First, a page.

Anahata

Anahata-cakra is a deep red lotus of twelve petals, situate above the last and in the region of the heart, which is to be distinguished from the heart-lotus facing upwards of eight petals, spoken of in the text, where the patron deity (Ista-devata) is meditated upon. “Air” evolved from “ether” is the Tattva of the former lotus. On the twelve petals are the vermilion varnas – “Kam”, “Kham” “Gam”, “Gham”, “ngam”, “cam”, “Cham”, “Jam”, “Jham”, “jnam”, “Tam”, “Tham” and the twelve vrttis (vide ante-namely, asa (hope), cinta (care, anxiety), cesta (endeavour), mamata (sense of mineness),(1) dambha (arrogance or hypocrisy) vikalata (langour), ahamkara (conceit), viveka (discrimination), lolata (covetousness), kapatata (duplicity), vitarka (indecision), anutapa (regret).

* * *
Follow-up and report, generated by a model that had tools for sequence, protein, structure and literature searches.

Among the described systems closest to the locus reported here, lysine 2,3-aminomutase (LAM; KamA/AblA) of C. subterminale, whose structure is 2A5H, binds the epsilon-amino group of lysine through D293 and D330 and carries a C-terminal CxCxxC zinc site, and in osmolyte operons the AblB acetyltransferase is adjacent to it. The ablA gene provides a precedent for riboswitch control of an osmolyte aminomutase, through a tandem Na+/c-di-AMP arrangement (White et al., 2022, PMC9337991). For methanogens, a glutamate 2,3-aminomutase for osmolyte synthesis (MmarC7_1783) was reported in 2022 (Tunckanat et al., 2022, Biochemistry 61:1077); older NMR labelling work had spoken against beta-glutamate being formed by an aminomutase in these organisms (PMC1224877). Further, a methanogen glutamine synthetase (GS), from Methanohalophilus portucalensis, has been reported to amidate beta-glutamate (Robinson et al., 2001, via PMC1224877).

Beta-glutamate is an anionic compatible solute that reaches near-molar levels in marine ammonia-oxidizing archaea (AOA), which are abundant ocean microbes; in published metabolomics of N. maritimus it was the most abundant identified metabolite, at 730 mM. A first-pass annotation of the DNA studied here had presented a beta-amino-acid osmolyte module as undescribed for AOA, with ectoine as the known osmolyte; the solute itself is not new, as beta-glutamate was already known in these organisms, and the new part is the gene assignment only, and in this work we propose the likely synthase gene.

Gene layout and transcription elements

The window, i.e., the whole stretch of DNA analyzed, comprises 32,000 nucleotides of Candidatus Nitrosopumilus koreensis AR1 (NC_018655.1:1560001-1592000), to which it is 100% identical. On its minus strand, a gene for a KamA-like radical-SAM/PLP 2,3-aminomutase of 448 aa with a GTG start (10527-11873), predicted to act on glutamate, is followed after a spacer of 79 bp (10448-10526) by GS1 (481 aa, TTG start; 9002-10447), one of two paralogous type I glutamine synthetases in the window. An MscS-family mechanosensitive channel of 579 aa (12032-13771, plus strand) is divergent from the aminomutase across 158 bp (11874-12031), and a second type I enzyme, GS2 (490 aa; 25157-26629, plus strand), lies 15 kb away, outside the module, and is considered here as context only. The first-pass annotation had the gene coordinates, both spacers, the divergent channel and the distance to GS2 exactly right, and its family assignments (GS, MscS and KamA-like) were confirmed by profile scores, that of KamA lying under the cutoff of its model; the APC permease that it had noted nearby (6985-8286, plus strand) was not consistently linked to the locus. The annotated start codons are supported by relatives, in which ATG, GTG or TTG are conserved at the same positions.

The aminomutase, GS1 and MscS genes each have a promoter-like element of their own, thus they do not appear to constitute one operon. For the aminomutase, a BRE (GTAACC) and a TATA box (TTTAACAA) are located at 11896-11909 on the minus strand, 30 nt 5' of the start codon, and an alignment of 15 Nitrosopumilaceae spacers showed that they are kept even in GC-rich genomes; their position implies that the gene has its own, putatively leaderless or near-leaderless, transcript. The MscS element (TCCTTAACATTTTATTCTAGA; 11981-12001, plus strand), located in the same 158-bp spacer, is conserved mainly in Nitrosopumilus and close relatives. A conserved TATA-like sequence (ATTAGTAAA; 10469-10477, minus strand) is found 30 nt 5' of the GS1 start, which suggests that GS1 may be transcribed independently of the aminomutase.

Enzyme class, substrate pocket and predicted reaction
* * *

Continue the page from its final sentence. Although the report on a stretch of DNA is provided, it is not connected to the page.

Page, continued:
A triangular mandala within the pericarp of this lotus of the lustre of lightning is known as the Tri-kona Sakti. Within this mandala is a red banalinga, called Narayana or Hiranyagarbha, and near it Isvara and his Sakti Bhuvanesvari. Isvara, who is the Overlord of the first three cakras is of the colour of molten gold, and with His two hands grants blessings and dispels fear.

Near him is the three-eyed Kakini-Sakti, lustrous as lightning, with four hands holding the noose and drinking-cup, and making the sign of blessing, and that which dispels fear. She wears a garland of human bones. She is excited, and her heart is softened with wine. Here, also, are several other Saktis, such as Kala-ratri, as also the bija of air (vayu) or “yam”. Inside the lotus is a six cornered smoke-coloured mandala and the circular region of smoke-coloured Vayu, who is seated on a black antelope. Here, too, is the embodied atma (jivatma), like the tapering flame of a lamp.

1. Resulting in attachment.